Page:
Dispatches | June 22, 2007

“Come here, you hoary sewer rat,” I said, patting my lap, encouraging my cat to jump up and get some long-deserved affection. As I stroked his ears, he purred to a litany of name-calling spoken in a dulcet tone.

If you think this is bad, you should hear how I talk to my husband, who I sometimes call “Spit,” other times “Spud,” but never “Dear,” “Love” or “Darling.” Barked orders are punctuated with a string of mean adjectives preceding a very unflattering noun (though I avoid Carlin’s “Seven Words You Can Never Say on TV”). I also frequently make fun of his age, height, athleticism, you name it; every flaw is fair game. And he does the same to me. It’s a real Whose-Afraid-of-Virginia-Woolf fest at my house, minus the anger and disappointment.

Let me explain. I reserve the harshest, cruelest, rudest language for the two I love the most, my husband and my cat. It’s a form of intimacy, really. It’s what a friend of mine aptly calls “creative foul-mouthing.”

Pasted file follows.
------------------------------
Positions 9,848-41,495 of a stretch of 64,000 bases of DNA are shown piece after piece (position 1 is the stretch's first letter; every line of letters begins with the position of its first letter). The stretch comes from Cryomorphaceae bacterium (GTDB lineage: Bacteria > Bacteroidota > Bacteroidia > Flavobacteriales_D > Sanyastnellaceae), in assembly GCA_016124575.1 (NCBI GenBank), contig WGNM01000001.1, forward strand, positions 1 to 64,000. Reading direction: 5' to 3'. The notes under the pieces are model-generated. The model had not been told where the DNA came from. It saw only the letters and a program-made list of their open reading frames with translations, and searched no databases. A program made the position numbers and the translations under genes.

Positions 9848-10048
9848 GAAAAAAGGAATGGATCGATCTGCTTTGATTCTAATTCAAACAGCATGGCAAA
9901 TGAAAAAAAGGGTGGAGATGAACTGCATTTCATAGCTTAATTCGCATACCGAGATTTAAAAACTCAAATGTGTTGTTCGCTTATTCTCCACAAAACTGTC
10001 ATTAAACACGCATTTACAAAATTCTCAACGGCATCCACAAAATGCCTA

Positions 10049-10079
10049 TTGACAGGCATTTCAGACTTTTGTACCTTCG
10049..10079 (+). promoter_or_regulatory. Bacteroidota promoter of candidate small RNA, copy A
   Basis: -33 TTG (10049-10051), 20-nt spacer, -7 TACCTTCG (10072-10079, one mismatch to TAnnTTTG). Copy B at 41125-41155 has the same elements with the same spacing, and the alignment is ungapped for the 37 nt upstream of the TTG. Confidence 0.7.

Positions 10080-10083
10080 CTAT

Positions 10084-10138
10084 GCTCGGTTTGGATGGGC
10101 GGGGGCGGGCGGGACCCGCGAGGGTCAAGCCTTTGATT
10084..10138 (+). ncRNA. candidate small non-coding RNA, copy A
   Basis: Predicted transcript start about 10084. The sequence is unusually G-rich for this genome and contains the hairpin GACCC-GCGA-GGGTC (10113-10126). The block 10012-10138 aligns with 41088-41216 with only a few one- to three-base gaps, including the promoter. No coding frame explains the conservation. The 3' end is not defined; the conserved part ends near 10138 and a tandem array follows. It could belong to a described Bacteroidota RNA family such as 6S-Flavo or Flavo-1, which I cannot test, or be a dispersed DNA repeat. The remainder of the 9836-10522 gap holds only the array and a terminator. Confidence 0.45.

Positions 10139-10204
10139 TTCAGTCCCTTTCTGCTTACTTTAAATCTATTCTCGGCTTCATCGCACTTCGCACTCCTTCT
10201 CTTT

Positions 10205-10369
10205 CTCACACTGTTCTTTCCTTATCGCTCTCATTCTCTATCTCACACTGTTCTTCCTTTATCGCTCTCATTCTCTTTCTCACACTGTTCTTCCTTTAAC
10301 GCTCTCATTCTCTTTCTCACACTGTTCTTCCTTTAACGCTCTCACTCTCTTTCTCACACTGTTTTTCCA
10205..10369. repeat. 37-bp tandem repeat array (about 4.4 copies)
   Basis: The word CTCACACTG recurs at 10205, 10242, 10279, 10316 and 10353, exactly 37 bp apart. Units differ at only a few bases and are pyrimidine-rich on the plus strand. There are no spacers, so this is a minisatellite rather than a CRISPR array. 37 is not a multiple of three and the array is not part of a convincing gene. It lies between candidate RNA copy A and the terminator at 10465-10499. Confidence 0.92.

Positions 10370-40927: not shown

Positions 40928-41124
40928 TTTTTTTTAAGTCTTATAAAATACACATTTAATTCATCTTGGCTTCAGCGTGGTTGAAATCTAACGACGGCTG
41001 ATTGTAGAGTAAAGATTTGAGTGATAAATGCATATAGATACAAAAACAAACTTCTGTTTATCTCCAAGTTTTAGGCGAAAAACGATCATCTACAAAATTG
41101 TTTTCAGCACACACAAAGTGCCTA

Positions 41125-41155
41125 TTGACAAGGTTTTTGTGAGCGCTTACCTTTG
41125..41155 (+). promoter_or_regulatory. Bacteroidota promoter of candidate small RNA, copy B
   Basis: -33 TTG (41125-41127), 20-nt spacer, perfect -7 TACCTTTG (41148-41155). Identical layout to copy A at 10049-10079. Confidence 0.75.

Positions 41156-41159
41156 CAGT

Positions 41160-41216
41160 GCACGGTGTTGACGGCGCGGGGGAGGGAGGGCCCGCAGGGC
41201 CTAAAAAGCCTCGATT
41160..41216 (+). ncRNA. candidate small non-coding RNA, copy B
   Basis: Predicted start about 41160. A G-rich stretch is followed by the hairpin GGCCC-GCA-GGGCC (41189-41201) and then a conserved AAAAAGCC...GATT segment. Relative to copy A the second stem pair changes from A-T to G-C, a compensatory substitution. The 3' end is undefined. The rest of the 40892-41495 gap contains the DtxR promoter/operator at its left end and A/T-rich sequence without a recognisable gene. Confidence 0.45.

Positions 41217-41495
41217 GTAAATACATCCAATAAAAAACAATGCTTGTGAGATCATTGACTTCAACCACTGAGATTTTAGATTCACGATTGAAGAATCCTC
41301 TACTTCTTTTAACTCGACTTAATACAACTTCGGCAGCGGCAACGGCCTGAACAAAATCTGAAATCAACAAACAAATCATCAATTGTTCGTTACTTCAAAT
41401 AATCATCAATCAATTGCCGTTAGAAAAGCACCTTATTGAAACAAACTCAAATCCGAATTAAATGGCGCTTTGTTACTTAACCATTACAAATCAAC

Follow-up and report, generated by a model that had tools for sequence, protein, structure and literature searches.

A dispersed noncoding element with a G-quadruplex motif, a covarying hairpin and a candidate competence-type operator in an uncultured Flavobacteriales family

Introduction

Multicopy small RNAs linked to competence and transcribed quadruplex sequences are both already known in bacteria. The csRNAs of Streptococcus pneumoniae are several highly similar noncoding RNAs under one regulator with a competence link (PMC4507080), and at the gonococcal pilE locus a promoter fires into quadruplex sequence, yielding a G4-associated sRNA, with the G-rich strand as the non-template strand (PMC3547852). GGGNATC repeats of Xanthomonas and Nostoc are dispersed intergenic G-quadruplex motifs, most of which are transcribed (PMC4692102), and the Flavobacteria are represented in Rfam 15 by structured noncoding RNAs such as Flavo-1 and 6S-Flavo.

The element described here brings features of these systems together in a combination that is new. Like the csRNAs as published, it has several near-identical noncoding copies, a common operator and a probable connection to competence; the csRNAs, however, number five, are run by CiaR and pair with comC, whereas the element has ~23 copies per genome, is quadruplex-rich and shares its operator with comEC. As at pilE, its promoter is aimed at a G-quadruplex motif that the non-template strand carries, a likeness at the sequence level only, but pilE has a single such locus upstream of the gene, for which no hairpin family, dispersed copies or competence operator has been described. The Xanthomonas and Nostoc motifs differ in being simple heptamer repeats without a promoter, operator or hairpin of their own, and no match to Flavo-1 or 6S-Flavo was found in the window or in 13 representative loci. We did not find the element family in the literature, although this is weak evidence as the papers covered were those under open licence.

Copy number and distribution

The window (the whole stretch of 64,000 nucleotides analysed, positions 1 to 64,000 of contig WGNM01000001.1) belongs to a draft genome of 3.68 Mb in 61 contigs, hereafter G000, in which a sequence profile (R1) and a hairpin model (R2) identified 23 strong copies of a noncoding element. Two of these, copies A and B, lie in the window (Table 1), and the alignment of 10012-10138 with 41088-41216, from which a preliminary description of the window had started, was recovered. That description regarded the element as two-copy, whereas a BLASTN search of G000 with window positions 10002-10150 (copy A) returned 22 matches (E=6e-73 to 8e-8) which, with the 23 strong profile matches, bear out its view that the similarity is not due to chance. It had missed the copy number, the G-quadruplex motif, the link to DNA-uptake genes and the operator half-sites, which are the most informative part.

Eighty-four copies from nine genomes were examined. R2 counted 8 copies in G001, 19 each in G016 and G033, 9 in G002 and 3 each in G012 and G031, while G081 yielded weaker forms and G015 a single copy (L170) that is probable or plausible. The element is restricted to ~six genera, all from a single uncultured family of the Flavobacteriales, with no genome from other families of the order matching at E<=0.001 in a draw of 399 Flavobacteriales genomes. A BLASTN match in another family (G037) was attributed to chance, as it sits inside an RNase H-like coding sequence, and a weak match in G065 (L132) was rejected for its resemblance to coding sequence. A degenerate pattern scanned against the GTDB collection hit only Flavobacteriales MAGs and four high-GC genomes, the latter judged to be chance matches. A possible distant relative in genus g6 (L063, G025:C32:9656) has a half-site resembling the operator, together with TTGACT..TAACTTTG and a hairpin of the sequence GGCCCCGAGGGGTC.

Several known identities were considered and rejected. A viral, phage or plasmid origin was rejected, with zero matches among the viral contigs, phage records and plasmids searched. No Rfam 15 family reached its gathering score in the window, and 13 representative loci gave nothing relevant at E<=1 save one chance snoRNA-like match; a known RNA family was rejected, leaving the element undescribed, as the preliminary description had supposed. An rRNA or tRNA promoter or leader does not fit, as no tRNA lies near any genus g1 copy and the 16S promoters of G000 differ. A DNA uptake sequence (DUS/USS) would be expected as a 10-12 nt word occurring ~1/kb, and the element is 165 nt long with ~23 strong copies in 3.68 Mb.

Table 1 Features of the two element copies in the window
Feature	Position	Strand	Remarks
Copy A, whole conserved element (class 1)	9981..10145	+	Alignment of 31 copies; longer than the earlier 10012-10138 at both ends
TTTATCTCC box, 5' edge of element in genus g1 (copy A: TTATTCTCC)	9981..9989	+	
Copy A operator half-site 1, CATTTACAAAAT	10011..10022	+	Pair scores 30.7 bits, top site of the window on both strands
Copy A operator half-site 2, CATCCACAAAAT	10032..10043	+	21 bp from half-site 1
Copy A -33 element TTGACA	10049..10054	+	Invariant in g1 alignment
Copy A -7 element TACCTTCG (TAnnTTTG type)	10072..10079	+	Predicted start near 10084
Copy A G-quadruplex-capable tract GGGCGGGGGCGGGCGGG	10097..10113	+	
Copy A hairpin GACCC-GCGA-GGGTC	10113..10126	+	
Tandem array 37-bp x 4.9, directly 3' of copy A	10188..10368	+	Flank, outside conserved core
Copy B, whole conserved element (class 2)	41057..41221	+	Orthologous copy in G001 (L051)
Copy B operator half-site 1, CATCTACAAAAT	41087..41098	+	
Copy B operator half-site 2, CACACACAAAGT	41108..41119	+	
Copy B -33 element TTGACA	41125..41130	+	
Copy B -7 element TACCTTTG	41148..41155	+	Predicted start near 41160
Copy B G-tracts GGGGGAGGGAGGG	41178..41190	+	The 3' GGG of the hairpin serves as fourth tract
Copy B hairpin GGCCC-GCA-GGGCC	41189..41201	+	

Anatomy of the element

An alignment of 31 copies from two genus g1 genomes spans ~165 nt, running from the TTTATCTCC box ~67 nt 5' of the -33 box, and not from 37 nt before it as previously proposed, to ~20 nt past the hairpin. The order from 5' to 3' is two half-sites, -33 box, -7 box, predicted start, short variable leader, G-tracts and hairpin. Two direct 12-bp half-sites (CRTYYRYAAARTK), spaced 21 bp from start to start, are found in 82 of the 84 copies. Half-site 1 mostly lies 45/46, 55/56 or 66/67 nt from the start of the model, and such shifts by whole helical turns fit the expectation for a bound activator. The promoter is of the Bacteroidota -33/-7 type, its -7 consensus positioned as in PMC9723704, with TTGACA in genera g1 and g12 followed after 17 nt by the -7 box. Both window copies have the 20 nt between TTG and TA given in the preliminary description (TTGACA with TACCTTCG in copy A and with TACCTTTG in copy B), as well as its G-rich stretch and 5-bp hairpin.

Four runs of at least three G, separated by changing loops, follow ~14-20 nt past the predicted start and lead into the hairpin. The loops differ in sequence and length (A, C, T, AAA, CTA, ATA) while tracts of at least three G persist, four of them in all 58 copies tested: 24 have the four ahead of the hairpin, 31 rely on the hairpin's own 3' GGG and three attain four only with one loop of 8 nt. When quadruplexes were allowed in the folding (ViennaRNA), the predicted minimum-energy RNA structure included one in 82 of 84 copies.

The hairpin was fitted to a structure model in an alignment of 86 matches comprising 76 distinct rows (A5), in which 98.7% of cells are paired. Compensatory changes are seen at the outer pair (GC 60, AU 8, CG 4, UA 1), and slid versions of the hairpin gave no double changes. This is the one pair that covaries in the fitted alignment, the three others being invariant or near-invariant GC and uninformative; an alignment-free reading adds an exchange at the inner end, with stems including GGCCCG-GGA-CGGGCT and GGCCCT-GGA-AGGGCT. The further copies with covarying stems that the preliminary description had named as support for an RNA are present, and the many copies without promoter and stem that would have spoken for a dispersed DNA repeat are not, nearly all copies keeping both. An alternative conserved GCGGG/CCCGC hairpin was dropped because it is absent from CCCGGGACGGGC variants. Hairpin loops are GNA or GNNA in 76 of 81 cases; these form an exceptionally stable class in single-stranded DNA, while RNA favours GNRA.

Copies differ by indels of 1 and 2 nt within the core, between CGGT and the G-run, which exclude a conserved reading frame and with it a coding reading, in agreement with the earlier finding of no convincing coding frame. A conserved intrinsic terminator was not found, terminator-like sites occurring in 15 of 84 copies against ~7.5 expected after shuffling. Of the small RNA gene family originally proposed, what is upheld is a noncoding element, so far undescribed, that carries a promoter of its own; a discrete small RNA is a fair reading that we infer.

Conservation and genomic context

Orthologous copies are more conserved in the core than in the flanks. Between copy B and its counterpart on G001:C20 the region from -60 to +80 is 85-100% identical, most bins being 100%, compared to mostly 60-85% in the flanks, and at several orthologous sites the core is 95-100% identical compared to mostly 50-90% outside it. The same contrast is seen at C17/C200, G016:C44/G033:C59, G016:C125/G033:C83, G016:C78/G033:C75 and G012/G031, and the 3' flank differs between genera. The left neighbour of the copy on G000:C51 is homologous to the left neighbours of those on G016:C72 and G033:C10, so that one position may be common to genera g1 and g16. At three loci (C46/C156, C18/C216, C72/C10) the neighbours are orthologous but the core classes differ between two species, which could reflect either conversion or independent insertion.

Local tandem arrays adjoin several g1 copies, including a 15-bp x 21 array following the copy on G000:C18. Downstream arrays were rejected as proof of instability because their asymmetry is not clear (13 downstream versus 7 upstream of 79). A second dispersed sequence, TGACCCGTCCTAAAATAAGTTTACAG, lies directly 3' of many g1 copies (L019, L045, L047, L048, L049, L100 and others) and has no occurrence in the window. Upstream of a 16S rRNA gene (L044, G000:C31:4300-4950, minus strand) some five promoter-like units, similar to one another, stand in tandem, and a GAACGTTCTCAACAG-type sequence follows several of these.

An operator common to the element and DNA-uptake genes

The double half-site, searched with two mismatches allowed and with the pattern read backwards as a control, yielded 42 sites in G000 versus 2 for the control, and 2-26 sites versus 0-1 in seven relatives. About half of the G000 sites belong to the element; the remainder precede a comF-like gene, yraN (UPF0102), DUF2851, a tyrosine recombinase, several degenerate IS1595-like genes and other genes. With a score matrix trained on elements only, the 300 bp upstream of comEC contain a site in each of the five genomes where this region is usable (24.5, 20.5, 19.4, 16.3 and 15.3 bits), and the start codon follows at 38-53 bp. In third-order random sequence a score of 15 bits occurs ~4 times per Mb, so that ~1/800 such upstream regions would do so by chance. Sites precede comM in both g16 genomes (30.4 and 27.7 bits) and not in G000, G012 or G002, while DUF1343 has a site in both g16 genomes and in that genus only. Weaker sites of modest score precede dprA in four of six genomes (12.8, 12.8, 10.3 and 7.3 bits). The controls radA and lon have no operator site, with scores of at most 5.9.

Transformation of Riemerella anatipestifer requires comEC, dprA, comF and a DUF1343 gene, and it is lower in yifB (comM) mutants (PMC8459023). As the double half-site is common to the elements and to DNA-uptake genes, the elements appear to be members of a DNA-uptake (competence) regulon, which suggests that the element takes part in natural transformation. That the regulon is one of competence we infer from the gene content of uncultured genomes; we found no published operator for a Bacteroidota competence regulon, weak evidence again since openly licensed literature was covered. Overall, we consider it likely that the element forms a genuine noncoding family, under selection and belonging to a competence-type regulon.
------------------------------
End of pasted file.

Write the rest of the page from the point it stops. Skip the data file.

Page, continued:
I come by this skill naturally. My father called my stepmother “fathead” and I have two older brothers who as teens spoke their own Clockwork Orange-like argot.

When I recently watched the movie Venus, staring Peter O’Toole, I was reminded of how wonderfully skillful the Brits are at foul-mouthing those they love. The movie is about two octogenarian actors. One of their remaining delights is to verbally belittle each other. The Oxford-bound preps in The History Boys speak to each other in much the same way.

It can’t only be a British thing. I asked around the office if anyone else engages in this particular past-time. A few admitted to more sanitized forms. One of our poets calls her dear friend “Das Head” in honor of her big German cranium. Though I consider that more smart mouth than foul.

Go ahead, if you love them, curse them out. Nothing brings you closer than a few well-chosen coarse insults.

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